Eco Umberto

<history of philosophy, biography> Italian novelist, critic, and philosopher (1932- ); author of Opera aperta (The Open Work) (1962), Trattato di semiotica generale (A Theory of Semiotics) (1976), and Semiotica e filosofia del linguaggio (Semiotics and the Philosophy of Language) (1984). A serious scholar of semiotics, Eco examines the use of signs, both in literary texts and - as in "Travels in Hyperreality" (1991)- in popular culture. His novels, Il Nome della Rosa (The Name of the Rose) (1980), Foucault's Pendulum (1988), and The Island of the Day Before (1994) offer the kind of postmodern entertainment, deliberately open to re-interpretation at many different levels, that he had proposed in Apocalittici e integrati (Apocalyptic Postponed) (1964). Recommended Reading: Umberto Eco, The Limits of Interpretation (Indiana, 1994); Umberto Eco, Misreadings (McClelland & Stewart, 1994); Umberto Eco, Six Walks in the Fictional Woods (Belknap, 1995); Reading Eco: An Anthology, ed. by Rocco Capozzi (Indiana, 1997); Michael Caesar, Umberto Eco: Philosophy, Semiotics and the Work of Fiction (Blackwell, 1999); and Out of Chaos: Semiotics: A Festschrift in Honor of Umberto Eco, ed. by William E. Tanner, Anne Gervasi, and Kay Mizzel (Liberal Arts, 1992).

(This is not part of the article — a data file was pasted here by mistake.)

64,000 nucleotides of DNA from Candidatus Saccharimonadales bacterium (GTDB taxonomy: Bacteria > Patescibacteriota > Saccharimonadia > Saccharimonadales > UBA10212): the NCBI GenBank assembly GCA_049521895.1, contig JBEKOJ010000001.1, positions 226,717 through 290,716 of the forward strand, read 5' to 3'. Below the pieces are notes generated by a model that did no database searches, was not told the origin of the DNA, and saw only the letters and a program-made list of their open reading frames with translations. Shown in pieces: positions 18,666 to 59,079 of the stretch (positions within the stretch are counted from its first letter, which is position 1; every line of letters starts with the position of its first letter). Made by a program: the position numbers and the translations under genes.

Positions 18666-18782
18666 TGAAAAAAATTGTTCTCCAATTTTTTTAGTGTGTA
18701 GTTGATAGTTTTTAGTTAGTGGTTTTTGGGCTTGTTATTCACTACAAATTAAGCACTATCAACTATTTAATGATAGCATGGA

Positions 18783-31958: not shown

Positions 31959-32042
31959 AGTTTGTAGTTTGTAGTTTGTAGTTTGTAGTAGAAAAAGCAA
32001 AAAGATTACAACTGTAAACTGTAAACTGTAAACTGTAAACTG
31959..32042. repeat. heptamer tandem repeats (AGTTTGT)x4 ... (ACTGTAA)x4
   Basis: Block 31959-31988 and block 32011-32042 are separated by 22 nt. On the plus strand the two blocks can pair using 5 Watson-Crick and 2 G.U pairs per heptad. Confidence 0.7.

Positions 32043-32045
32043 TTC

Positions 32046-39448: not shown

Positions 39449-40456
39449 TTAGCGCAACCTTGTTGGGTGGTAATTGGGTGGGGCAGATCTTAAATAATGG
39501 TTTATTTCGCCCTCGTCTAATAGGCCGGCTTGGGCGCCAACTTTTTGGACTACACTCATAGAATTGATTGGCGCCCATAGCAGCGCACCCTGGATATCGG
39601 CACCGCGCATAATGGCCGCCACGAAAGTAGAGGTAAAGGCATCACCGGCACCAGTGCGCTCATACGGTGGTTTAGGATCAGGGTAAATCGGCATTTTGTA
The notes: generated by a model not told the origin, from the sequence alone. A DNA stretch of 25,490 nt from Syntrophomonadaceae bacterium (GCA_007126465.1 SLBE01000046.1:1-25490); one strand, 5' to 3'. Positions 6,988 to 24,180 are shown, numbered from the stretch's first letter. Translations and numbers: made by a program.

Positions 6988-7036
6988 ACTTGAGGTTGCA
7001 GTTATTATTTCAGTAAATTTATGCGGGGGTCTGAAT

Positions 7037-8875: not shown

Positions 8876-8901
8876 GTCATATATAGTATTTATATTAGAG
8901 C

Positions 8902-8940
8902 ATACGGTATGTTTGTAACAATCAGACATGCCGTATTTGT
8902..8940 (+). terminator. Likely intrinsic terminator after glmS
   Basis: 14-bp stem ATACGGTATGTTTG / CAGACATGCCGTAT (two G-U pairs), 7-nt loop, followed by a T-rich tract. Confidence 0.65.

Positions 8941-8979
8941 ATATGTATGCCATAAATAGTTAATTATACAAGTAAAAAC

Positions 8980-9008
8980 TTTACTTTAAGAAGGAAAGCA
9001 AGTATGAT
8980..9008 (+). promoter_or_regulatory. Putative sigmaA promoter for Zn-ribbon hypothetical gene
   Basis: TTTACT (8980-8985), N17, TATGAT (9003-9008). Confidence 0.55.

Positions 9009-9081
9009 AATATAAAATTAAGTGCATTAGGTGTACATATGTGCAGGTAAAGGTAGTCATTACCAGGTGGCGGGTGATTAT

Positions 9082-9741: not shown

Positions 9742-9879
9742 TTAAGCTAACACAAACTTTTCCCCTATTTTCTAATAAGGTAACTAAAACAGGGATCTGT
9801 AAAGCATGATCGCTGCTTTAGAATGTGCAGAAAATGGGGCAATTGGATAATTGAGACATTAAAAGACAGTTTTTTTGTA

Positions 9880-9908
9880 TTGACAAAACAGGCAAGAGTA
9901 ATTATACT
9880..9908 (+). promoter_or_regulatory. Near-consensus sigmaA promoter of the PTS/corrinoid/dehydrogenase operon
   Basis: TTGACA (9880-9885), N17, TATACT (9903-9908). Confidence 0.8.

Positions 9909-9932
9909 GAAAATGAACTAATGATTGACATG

[A Dictionary of Philosophical Terms and Names]

<2001-10-29>

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